The Bookseller of Kabul, by Asne Seierstad

The Bookseller of Kabul is an outsider’s perspective on the inside world of an Afghan family. Asne Seierstad lived with a family in Kabul—a bookseller’s family—in the spring of 2002, after the fall of the Taliban in 2001. This book is not so much about her experiences as about the family she lived with.

The Bookseller offers uniquely intimate descriptions of real-life events and circumstances such as we are unlikely to find elsewhere. In the introduction, the author comments that the family seemed to regard her as a sort of androgynous entity and allowed her entrance into exclusive gatherings of men as well as those of women. Thus, in addition to such accounts as a women’s shopping trip for a new bride’s household necessities and a trip to the public baths, we also glimpse life from the teenage son’s point of view: his unsanctioned outing in a car, ending in lunch at a restaurant, with a female student who ventured into the bookshop; his trip to the shrine of Mazar-i-Sharif, intended to be a sort of pilgrimage to absolve his sins but ultimately anticlimactic in its spiritual quality. Of particular interest to the Western world where bigamy is illegal, is Seierstad’s description of the process by which the father of the family took a second (younger) wife and the ensuing household dynamics.

In the foreword Seierstad tells us she has written the book in “literary form.” That is, she narrates events as if she has witnessed them, or as if they are fictional accounts that she has composed. She acknowledges that: “I am not, of course, an omniscient author. Internal dialogue and feelings are based on what the family members described to me” (xii). Such an approach has its down side. Some of the narratives are based on Seierstad’s own observations, others on third-party description. By describing events with an authorial voice, however, she writes herself out of the narrative, leaving out the conversations in which she received these accounts, as well as the contexts in which these conversations occurred and any factors that might have influenced them. We sometimes forget that what we are reading is a reconstruction, mediated by a Norwegian author.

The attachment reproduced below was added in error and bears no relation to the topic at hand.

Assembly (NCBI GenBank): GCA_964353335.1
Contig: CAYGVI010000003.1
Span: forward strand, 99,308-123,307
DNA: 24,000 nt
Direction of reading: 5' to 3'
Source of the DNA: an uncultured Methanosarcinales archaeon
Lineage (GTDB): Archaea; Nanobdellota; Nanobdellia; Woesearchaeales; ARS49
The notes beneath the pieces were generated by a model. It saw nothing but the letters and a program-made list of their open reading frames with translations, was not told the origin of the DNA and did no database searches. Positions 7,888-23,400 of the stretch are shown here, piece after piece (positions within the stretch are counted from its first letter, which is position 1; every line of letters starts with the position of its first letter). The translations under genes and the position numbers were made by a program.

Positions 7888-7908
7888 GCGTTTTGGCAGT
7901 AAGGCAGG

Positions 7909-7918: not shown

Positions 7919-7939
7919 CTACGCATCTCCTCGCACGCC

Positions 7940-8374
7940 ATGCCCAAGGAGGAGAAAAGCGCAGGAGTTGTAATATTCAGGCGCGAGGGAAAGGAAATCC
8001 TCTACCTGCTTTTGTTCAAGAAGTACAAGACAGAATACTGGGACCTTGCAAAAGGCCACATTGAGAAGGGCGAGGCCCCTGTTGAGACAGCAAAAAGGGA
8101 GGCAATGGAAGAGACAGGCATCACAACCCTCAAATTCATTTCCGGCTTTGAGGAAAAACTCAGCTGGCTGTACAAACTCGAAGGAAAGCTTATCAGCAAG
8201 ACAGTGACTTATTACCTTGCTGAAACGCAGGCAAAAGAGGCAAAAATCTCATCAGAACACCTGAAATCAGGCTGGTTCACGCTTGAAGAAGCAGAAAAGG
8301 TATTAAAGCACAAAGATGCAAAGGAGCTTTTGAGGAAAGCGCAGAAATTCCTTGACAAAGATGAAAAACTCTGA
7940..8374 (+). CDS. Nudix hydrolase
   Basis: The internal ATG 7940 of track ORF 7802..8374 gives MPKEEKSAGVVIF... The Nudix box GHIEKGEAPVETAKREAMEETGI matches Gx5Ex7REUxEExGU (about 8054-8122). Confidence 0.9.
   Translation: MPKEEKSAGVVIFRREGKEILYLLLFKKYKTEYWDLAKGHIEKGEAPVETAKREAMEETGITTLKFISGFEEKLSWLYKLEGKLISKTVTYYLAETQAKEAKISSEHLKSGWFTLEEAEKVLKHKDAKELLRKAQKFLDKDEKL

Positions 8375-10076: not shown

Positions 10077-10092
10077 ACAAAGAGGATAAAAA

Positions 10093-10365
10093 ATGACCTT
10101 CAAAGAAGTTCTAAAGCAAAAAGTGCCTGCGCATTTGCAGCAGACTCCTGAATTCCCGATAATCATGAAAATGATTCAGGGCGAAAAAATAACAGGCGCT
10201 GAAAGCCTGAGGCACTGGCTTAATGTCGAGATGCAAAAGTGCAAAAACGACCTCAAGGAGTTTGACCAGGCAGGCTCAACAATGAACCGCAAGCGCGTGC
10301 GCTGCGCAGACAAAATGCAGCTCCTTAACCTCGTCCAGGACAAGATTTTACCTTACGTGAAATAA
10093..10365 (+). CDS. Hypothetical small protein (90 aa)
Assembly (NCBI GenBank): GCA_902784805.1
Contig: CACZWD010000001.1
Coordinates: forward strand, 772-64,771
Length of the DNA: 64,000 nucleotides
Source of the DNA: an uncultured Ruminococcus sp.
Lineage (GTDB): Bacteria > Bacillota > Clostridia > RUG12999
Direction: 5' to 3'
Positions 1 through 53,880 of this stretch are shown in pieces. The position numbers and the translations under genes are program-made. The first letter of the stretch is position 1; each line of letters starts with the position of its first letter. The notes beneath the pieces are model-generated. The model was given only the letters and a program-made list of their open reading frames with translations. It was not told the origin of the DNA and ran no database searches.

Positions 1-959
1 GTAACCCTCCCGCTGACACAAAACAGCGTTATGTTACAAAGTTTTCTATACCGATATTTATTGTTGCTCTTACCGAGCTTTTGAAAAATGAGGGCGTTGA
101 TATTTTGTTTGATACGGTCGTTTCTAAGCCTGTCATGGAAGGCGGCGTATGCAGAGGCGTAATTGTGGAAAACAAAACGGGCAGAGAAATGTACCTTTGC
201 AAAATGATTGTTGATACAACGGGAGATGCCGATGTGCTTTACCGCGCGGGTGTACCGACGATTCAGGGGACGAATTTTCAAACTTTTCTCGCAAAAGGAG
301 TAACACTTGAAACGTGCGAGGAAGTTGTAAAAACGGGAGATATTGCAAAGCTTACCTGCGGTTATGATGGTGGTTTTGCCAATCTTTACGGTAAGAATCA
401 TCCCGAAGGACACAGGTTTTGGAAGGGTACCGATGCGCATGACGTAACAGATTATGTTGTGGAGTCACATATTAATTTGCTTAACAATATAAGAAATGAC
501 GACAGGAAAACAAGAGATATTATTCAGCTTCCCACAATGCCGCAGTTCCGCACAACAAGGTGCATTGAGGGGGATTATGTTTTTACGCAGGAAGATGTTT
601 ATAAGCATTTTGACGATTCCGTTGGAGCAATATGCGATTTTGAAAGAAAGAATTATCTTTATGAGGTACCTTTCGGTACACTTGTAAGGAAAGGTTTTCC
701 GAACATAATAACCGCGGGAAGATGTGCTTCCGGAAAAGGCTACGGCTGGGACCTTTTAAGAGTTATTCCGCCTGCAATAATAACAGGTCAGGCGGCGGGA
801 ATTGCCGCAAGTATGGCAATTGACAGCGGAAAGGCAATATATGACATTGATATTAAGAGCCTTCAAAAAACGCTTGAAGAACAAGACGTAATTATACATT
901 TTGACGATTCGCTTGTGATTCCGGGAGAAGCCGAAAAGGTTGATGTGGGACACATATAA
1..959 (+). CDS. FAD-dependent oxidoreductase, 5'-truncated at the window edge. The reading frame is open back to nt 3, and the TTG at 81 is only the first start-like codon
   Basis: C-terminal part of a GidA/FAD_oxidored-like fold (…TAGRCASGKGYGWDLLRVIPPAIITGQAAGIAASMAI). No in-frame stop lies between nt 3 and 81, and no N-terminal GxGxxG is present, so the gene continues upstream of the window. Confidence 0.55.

On the up side, this approach shifts the focus away from the author and onto the Afghans. It is not a travelogue dominated by Seierstad’s internal meditations and experiences but an attempt to introduce us to the daily life of a people most Westerners have seen only through the lens of the war correspondent’s camera.

In the foreword, the author acknowledges that: “I have rarely been as angry as I was with the Khan family, and I have rarely quarreled as much as I did there. Nor have I had the urge to hit anyone as much as I did there. The same thing was continually provoking me: the manner in which men treated women. The belief in male superiority was so ingrained that it was seldom questioned” (p. xiii-xiv). Seierstad’s descriptions reveal this indignation, through the details she chooses to emphasize and in the unflinching bleakness with which she conveys the women’s lives: the rather useless and housebound grandmother, for example, or the daughter Leyla, on whom fall the brunt of the household chores. It is tempting to fault Seierstad for her Western bias, but it is widely accepted that true objectivity is a fiction. We can sympathize with many of the author’s reactions, following our own experiences living cross-culturally. We applaud her courage and determination to seek understanding through experience, but hope that readers will keep in mind the Western filter through which we receive her account.

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